If, historically, Cannes, was a festival that lionised the writers and art directors within agencies, it is now a festival that recognises the roles others play in the communications business.
‘Small Business Saturday’ is a tribute to account management. Managing the assets would have been no mean feat but the agency pulled it off and full credit to them.
Similarly, Saatchi & Saatchi Italy’s campaign for Coordown Onlus is a testimony to the suits. Having the idea was the easy bit.
“I know, let’s reshoot as many commercials as possible but with actors who have Downs!”
Making it happen would have required great organisational skills, tenacity, and the gift of the gab to talk brand owners into underwriting the costs of shooting their commercials twice.
5. On Integration Day, over 350 ads on TV and in print were replicated using Downs actors and models.
6. Ideas people want to be part of
The results section of almost every submission to the awards this year (barring print media) decribed the idea’s effect in social media. The number of facebook friends gained. The number of conversations started on Twitter.
Where social media dominated the conversation a couple of years ago, when Mark Zuckerberg came to Cannes himself, they are now a given in nine out of ten campaigns.
However, ten days before the festival, General Motors in the US issued a statement to say they were pulling their $10m investment in advertising on facebook. It was, they said, expensive and didn’t work.
At the festival, Coca-Cola CMO Joe Tripodi talked on stage about Coke’s 46 million facebook friends and how important they are to the brand. Coca-Cola clearly sees value in facebook.
I was able to talk to Mr. Tripodi after his seminar and put it to him that his endorsement of facebook seemed to suggest that Coca-Cola had worked out the metrics of what a ‘like’ is worth in sales dollars.
He confessed that, as yet, investment in facebook is still a matter of faith rather than anything else, meeting long-term brand building objectives rather than short-term, incremental sales.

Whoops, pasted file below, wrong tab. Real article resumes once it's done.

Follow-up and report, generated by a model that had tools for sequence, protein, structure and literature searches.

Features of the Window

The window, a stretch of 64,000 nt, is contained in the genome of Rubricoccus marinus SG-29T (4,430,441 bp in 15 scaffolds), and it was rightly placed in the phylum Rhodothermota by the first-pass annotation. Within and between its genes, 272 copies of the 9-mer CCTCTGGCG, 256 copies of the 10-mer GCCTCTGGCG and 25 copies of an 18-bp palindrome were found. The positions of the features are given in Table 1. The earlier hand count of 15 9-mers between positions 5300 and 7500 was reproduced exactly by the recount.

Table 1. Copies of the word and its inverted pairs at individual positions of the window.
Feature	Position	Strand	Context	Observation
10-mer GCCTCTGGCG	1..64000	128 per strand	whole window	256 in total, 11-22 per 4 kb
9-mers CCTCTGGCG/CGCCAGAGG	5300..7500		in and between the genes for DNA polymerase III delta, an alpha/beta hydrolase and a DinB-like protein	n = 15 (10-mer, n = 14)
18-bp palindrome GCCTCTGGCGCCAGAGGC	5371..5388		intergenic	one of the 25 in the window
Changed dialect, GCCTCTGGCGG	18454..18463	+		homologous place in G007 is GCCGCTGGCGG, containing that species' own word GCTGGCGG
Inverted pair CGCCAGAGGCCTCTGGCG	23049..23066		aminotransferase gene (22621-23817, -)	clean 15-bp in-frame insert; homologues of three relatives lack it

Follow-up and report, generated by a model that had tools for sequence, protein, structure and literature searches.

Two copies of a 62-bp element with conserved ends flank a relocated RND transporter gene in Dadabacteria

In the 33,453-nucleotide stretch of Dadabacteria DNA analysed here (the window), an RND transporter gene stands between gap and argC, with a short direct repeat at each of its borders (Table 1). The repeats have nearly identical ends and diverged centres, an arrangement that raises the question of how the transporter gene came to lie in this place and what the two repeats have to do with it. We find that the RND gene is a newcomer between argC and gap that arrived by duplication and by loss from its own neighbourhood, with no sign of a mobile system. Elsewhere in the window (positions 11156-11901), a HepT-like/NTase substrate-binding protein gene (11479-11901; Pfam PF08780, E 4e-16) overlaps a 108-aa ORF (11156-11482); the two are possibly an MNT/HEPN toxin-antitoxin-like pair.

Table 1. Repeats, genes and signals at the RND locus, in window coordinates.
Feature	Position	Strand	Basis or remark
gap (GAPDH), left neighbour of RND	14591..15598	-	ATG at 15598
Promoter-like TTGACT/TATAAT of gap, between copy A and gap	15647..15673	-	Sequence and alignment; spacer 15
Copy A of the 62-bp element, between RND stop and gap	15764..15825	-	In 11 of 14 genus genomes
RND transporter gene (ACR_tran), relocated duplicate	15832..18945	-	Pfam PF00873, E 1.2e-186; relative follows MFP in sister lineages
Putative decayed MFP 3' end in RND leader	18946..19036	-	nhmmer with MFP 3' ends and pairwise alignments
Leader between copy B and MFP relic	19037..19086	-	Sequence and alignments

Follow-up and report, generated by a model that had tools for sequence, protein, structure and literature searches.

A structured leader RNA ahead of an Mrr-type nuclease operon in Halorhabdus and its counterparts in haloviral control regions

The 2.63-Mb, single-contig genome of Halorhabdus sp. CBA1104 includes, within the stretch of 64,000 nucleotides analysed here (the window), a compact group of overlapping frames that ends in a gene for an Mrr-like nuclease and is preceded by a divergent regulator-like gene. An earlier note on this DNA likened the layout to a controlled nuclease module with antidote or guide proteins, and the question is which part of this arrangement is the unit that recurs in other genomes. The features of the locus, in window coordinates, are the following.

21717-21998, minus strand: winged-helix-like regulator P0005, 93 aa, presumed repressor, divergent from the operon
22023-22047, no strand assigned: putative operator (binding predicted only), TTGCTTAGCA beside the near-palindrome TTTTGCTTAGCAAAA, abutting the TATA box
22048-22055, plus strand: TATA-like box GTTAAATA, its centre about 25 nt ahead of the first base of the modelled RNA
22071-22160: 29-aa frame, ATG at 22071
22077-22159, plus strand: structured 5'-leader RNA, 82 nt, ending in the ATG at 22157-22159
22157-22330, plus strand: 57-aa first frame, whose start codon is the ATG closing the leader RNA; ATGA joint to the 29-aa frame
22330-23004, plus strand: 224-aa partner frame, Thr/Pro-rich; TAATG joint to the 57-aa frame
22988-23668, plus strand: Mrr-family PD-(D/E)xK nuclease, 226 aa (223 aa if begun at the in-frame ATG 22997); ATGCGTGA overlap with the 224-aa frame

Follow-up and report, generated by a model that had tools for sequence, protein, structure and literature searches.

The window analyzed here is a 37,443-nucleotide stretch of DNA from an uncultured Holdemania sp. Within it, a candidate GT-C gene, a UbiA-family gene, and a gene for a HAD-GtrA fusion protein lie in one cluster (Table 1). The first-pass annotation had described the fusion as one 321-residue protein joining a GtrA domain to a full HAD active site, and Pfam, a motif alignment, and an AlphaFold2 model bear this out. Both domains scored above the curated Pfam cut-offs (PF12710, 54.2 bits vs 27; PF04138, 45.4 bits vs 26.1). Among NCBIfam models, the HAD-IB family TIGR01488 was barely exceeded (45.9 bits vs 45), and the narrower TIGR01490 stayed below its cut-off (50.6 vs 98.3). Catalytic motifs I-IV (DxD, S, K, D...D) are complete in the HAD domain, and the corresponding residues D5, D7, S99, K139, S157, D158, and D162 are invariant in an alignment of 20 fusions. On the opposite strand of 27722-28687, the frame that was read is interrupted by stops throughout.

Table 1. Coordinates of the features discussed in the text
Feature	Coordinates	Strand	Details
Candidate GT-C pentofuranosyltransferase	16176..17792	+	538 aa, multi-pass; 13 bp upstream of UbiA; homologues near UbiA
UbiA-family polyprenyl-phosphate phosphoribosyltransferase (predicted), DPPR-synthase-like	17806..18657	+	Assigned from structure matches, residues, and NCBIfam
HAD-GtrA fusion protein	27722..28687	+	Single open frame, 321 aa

For me, this is heartening. Because if increasingly we see science at work in many of the award winners at Cannes, communications is still an art. And Joe Tripodi is a worthy successor to the great William Lever who famously stated that “I know half my advertising works; I just don’t know which half.”
Still, it was intriguing to see ideas at the festival created expressly to secure more facebook friends for the brand.
For instance, TBWA Brussel’s ‘MINI Fan the Flame’ idea shortlisted in Direct, where every ‘like’ led to a jet of flame from a burner being directed at a rope holding a new MINI Countryman on a ramp. The person to click on ‘like’ and release the car won it.
Paul Adams, facebook’s Head of Brand Design, in his seminar, expressed exasperation that so many people in advertising and marketing try to apply the rules of advertising in traditional media to facebook. He had come to Cannes to talk specifically to creative people, to get them to create ideas specifically for facebook rather than to repurpose ideas and slap them on the platform.
6. The idea was to win more friends for the brand on facebook – which the campaign did, attracting 21,314 friends in a fortnight.
7. Management ideas
At least Paul Adams was a creative person. Increasingly the speakers on the main Debussy platform are business folk and CMO’s. Some of whom thought they were more interesting than they actually are.
One exception to this, however, was Stephen Friedman, President of MTV, who talked about ‘Millennials and the Future of Creativity’.
He had persuaded Selena Gomez to come to the festival and be part of the discussion panel in his seminar. Selena is a star presenter on MTV and when she tweeted that coming to Cannes and ‘being part of this awesome panel’ was a joy and a delight to her, it started 3,863 conversations.
Bill Clinton, by contrast, started um…just 559.
Again, I got a chance to speak to Mr. Friedman and was intrigued to hear him talk about his mentor. Though the CEO of MTV, he holds regular meetings with a mentor nearly one third his age.
Isn’t this brilliant? A manager understanding that even as a bigwig running a global brand he has much to learn from people younger than himself. There is a humility here which is rare in the boardrooms of 99.9% of companies, even those that target ‘yoof’ – or ‘millennials’ as I suppose we must call them.
7. Selena Gomez caused more excitement in social media when she came to Cannes than even ex-President Bill Clinton.
8. Strategic ideas
One of the fascinations of Cannes 2012 was seeing the same strategy win awards for agencies in Australia and China as it had done in 2011 for agencies in Argentina and Brazil.
Indeed, it won Ogilvy Shanghai the Outdoor Grand Prix.